Youths in Programs Rally for Youth Policies

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Loud State-ments: Program participants and alumni from around the country rally in Washington for juvenile justice reform.

Photo: YouthBuild

Washington—More than 500 young leaders, most of them participants or alumni of youth-serving programs, came from around the country last month to press lawmakers to reform juvenile justice policies and fight poverty.

The MTV-sponsored event, dubbed “Our America,” included poetry and dance performances, an appearance by Sen. John Kerry (D-Mass.), and young speakers who were former participants in such programs as YouthBuild, City Year, Year Up and The Corps Network.

“I dropped out, I got locked up,” said 23-year-old Rashawn Facey-Castillo, an alumnus of Year Up, looking back on his days growing up in Boston’s Dorchester neighborhood. He said he was caught between two philosophies often uttered on the streets: “Seize the day, tomorrow is never promised; and yet, tomorrow is only there for those who prepare for it.”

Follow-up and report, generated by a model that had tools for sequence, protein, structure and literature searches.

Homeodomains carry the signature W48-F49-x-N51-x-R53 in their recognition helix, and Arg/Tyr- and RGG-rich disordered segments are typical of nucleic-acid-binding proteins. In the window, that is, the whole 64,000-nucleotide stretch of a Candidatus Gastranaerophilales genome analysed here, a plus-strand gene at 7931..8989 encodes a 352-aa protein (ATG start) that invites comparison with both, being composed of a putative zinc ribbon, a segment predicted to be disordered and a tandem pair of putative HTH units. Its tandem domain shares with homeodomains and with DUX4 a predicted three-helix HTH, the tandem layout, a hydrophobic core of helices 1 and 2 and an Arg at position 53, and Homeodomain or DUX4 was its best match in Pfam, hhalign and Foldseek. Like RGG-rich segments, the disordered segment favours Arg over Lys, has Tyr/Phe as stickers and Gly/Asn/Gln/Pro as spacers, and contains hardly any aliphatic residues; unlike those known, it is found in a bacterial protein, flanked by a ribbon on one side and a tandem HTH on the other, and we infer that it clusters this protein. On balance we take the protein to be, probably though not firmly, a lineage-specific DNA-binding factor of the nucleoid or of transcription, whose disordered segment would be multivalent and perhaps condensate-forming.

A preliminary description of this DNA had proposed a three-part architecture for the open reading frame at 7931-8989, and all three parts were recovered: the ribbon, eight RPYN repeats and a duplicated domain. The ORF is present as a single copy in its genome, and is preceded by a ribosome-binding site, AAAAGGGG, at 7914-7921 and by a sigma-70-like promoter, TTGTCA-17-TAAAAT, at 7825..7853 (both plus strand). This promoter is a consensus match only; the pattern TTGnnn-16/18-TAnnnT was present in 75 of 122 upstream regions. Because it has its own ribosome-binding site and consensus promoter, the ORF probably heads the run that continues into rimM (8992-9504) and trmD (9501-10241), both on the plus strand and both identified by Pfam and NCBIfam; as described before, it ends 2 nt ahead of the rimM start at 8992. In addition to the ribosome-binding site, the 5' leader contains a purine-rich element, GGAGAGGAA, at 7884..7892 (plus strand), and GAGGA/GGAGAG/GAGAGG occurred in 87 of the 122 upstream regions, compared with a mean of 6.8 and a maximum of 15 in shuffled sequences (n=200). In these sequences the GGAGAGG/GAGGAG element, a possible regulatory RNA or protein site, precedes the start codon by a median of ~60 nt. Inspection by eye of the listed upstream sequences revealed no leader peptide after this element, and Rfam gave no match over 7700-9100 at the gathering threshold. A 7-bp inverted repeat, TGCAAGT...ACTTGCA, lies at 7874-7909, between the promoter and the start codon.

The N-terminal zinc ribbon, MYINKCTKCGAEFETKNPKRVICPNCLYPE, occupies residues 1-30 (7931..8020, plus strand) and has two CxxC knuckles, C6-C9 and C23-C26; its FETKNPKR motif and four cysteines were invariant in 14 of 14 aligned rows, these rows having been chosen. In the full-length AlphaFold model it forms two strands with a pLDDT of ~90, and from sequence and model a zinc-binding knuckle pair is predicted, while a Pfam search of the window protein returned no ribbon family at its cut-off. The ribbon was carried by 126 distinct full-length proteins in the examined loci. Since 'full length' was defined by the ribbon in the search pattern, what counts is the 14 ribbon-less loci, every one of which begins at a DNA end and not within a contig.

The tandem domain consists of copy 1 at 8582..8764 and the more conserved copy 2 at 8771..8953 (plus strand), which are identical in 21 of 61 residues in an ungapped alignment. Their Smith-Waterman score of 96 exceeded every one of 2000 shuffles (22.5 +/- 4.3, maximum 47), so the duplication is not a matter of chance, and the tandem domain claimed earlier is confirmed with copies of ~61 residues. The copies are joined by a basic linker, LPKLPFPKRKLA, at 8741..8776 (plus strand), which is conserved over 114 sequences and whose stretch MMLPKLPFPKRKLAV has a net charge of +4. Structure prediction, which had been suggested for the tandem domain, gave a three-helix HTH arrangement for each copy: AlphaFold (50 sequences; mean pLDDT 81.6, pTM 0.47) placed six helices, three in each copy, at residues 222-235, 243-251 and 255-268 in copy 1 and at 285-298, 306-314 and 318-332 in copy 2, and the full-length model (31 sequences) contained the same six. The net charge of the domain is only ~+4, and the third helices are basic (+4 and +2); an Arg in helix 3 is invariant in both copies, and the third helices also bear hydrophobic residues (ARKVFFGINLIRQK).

Facey-Castillo is now pursuing a master’s degree in business.

The central message from the speakers and attendees: Send fewer youths to jail, and help them avoid landing there.

“They don’t rehabilitate you at all,” one attendee from Camden, N.J., said about the juvenile facilities in his area. “They just tell us when we can eat, go to the bathroom, when to sleep.”

The audience also got a surprise visit from the Rev. Jesse Jackson.

“You are not the future; you are the right now,” Jackson told the pepped-up crowd at the Lincoln Theater. “You can make the choice for a future over a funeral right now. You can dry up the drug market right now.”

YouthBuild USA used the event to release “The Declaration of Inter-dependence,” the third iteration of a policy statement created by its National Alumni Council and Young Leaders Council, which recommends ways to improve the lives of low-income youth. Among its recommendations: Increase access to computer literacy training, improve screening of foster parents, and examine the possible economic incentives for incarcerating young adults at “for-profit prisons.”

YouthBuild participants also visited Capitol Hill to share their views on poverty issues with congressmen. Kerry encouraged them to not mince their words.

“Give them hell, will ya please?” the senator said.